As statistics and examples of vote fraud accumulate – and are swiftly repeated and denied in haste from site to site on both sides by both the statistically literate and the anything but, by both the cautious and the furious – I advise investing a little thought in the underlying state(s) and model(s) that these details are intended to clarify.

I’ve given one example above – consider how much of this was incentivised, not centrally controlled. Governor Newsom could hardly tell the pair arrested for making more than 8000 fictitious voter registrations between July and October 2020 that the California Democrats only needed each activist to register a few tens or hundreds at most; incentivising enough while also restraining enough, while saying nothing overt outside one’s inner circle, is a difficult trick to pull off.

A second example is the fact that mail-in voting notoriously makes voter fraud much easier – and also, as a side-effect, makes it even easier than it already is to submit a single legitimate vote. For several reasons there was real increased turnout as well as fictional, and all of it showed up in the totals – which should be remembered when, for example, a statement about Biden underperforming Hillary or not in some context shows up far down some comment thread with any original ‘relative’ / ‘absolute’ qualifier long forgotten in the twenty repetitions the point took to get there.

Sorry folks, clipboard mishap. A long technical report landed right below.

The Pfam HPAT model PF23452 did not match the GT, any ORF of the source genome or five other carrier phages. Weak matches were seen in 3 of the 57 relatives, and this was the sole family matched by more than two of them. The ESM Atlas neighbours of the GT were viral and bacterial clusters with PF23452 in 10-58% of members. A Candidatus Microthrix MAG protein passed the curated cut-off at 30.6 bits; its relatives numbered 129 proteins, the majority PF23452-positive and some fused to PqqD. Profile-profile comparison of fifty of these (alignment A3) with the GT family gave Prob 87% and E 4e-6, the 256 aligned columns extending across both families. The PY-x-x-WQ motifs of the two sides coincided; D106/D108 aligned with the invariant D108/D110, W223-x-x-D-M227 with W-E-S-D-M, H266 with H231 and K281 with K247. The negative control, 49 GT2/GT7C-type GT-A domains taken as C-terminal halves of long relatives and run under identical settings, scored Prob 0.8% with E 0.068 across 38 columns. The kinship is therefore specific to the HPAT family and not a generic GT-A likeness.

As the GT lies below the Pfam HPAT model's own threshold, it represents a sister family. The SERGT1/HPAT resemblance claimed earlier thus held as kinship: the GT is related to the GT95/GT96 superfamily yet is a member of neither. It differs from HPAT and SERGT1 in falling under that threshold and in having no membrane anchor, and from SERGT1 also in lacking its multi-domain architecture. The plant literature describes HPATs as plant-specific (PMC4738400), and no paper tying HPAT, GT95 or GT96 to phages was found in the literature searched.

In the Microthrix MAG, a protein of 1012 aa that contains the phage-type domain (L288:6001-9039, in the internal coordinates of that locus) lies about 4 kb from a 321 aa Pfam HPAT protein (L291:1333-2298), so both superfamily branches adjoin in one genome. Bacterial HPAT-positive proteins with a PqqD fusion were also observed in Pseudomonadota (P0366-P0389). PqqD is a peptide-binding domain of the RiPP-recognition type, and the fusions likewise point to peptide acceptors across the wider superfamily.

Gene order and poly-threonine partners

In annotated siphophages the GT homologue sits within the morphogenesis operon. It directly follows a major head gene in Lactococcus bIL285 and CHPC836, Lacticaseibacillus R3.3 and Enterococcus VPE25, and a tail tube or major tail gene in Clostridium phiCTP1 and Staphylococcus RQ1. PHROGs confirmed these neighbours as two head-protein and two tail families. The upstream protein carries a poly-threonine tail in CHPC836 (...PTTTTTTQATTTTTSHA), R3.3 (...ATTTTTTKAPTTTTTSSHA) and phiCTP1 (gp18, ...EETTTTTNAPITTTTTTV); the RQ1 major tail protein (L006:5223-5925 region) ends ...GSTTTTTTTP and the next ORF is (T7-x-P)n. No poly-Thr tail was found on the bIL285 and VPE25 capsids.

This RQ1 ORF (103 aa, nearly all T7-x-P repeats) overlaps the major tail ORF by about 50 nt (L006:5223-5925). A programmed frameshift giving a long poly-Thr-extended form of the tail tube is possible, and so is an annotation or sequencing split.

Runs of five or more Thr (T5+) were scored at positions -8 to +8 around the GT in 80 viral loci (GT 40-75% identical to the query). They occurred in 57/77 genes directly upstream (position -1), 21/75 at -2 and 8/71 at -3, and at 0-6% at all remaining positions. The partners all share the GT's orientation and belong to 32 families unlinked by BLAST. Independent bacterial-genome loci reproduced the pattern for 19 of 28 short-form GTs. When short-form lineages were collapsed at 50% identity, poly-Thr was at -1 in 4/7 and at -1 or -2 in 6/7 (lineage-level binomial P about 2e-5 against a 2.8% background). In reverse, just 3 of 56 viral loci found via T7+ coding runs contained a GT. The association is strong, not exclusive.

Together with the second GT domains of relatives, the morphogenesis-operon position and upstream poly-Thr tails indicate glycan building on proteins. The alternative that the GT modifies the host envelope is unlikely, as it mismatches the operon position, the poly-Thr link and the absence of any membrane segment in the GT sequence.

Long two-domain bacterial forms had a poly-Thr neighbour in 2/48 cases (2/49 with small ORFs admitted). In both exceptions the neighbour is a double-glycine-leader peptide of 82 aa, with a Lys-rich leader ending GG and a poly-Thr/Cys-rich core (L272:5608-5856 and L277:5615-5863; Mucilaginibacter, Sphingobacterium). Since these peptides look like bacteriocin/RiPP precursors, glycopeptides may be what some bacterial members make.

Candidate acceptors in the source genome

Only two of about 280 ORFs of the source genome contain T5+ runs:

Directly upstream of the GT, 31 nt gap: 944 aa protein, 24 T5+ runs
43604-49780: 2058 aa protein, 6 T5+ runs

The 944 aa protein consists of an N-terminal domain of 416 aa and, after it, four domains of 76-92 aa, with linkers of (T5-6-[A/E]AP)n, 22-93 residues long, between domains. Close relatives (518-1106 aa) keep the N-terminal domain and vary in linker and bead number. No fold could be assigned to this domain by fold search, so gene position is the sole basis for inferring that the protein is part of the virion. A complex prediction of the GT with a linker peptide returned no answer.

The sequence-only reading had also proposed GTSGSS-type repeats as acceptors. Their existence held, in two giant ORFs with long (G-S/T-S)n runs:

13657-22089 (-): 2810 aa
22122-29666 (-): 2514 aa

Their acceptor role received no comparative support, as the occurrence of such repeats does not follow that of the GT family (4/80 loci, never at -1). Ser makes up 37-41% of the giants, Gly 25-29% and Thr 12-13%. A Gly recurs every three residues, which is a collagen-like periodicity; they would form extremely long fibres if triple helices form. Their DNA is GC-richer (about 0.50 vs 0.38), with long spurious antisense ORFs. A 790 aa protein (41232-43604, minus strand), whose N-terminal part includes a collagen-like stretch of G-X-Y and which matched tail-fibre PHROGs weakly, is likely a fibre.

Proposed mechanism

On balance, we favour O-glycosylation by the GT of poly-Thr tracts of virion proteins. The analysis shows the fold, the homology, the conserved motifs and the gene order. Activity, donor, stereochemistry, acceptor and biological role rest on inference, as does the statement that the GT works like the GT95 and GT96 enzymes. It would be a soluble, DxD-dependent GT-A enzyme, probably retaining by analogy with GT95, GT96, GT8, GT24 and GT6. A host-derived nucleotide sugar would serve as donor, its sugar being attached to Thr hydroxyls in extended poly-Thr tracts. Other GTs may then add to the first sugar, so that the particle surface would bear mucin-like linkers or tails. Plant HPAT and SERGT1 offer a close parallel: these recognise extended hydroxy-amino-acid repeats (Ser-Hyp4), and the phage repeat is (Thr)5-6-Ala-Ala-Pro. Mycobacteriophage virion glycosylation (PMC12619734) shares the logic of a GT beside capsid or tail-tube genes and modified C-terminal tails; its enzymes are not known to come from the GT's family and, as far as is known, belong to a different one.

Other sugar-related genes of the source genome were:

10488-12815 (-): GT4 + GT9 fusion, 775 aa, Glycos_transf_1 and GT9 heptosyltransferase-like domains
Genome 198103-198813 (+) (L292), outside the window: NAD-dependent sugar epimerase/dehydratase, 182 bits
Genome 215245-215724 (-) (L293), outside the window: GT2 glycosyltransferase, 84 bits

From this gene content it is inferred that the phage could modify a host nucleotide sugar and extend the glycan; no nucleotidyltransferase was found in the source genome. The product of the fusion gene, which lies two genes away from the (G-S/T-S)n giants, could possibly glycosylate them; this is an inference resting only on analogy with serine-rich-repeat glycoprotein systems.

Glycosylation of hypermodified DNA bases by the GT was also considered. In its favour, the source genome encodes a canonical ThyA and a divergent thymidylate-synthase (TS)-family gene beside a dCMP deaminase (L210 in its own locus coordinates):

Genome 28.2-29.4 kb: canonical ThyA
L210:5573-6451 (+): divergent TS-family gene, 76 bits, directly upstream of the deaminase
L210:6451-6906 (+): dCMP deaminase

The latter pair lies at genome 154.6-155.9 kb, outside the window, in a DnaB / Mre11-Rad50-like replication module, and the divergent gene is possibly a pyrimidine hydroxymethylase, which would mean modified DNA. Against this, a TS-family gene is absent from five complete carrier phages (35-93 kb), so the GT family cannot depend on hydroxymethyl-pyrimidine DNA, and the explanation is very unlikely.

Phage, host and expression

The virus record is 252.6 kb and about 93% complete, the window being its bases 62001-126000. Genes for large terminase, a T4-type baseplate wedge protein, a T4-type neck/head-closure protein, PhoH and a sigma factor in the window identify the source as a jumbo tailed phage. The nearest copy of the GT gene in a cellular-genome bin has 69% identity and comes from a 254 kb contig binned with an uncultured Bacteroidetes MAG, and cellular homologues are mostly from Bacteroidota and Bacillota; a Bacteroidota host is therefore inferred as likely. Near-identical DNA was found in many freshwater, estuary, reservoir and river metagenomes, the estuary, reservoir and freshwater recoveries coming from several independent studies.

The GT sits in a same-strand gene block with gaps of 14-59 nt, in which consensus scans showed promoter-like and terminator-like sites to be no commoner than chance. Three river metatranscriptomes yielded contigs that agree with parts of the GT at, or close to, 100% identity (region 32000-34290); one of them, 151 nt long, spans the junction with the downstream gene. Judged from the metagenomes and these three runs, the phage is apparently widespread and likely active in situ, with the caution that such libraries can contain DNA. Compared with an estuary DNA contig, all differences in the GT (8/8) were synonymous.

A third is that when a Rasmussen poll reports 30% of Democrats saying it is likely the election was stolen from Trump, what you think that means will be affected by what you think about the (in)accuracy of polls in general – and whether you think that, like voting anomalies, polls overwhelmingly err in a pro-Democrat direction.

Cheap electricity should be a noble cause, not something to be embarrassed about